Is there still redemption for anyone?

Jesus come
Turn the world around
Lay my burden down
Turn this world around
Bring the whole thing down

*Fun fact: The tagline of my blog, Invest in the Mess, is a line from Over the Rhine’s song “Long Lost Brother.”

So tell me your troubles
Let your pain rain down
I know my job, I’ve been around
I invest in the mess
I’m a low cost dumping ground

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“Confessio”

Confessio #999- This picture was the best I could do this early in the morning in the way of a pictorial representation of “confession,” and I’m sorry, Lord Christ, that You’re again having to wear that eery halo of light, thanks to the limited imagination of some Hallmark card artist. “Obsecro ut mihi ignoscas.”

It’s amazing how throwing Latin at a subject can imbue it with more solemnity.  

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That’s what Brian Doyle did in laying out his life’s confession in the August 22 issue of The Christian Century.  “I, Brian, a sinner,” began Doyle’s page-long catalog of all of the ways he has fallen short across a lifetime, interspersed with “Obsecro ut mihi ignoscas” (“I beg to be forgiven.”)  

In this case, the sound of “I beg to be forgiven” in Latin makes me think of a snot-nosed kid with a huge, green booger hanging from her nose asking for a Kleenex while wondering if anyone will notice if she uses her sleeve.  (“Ignoscas” has that ring, does it not?) Okay, so maybe not so “solemn” after all, but fitting for this morning’s liturgy of repentance…Because this morning I’m not sure whether Doyle’s “confessio” or my own sinner’s remorse are the biggest source of inspiration- and where Doyle took only a page to describe a whole life, I am taking a whole page to repent of only yesterday’s blunders:

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I, Kristina, a sinner known to have occasional, short-lived moments of saintliness, do here confess that yesterday was largely a wash.

I wrote a smug post about a Christian leader who manages to embarrass himself repeatedly in public, and derived far too much satisfaction in pointing out his stupidity and only adding to the man’s humiliation.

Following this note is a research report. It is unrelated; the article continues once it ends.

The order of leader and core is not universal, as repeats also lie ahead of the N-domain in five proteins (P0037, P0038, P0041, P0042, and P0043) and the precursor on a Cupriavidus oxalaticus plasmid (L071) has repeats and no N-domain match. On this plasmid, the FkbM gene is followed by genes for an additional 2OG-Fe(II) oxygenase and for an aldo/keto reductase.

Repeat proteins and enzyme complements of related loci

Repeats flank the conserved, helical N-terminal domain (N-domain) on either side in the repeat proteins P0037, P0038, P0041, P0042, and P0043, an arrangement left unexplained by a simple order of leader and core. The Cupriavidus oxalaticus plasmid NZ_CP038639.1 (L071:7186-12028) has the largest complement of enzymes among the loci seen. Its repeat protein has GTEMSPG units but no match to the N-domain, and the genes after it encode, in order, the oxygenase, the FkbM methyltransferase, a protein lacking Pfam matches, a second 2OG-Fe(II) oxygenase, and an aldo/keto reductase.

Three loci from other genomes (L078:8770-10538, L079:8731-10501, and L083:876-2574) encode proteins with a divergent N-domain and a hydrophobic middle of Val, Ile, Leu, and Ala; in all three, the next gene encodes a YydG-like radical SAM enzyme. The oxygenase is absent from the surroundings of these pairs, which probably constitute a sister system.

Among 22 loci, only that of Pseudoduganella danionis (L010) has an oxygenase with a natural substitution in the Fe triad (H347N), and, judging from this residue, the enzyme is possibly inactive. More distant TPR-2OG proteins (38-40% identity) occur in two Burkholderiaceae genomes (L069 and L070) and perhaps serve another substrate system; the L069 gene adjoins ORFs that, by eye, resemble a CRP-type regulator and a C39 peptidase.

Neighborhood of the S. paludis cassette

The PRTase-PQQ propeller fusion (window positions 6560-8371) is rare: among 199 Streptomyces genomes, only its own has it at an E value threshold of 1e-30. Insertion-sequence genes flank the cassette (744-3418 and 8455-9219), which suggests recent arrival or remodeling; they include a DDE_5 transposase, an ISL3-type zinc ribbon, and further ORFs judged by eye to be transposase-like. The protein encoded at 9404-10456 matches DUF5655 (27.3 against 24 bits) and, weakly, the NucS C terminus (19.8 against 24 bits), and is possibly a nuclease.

Obsecro ut mihi ignoscas, I beg to be forgiven.

I spent more time in the mirror staring at the two red zits on my left cheek than grieving the worst violence yet in Syria or meditating that You are my Bread of Life.

Obsecro ut mihi ignoscas.

During our chaplains’ monthly conference call, when someone was sharing a serious pastoral issue and the rest of us were praying, I took the opportunity of a bad connection that sounded like nails on a chalkboard to surf the Internet and read the latest headlines.

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Obsecro ut mihi ignoscas.

I lost my temper with the incompetent customer service representative from the mortgage company who was threatening to report me to the credit bureau for a missing payment that the mortgage company (not me) had in fact lost and that I was only hearing about for the first time yesterday.

Obsecro ut mihi ignoscas.

When I spoke unkindly to Violet, the sweet-sounding manager of the incompetent customer service representative who was just trying to rectify the damage done and seeking to be helpful despite an insurmountable amount of bureaucratic red tape, I probably succeeded in making Violet feel very small.  (The expression, “shrinking Violet,” may alas apply.)

Obsecro ut mihi ignoscas.

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I then snapped at three consecutive customer service representatives from Wells Fargo who, in a three-way conversation with Violet and me did not know what they were doing by introducing themselves, offering the latest line of new products and insisting on my answering the same security questions.  Alas, they still do not know what they do (which is to help customers rather than drive them into fits of angry exasperation).

Obsecro ut mihi ignoscas.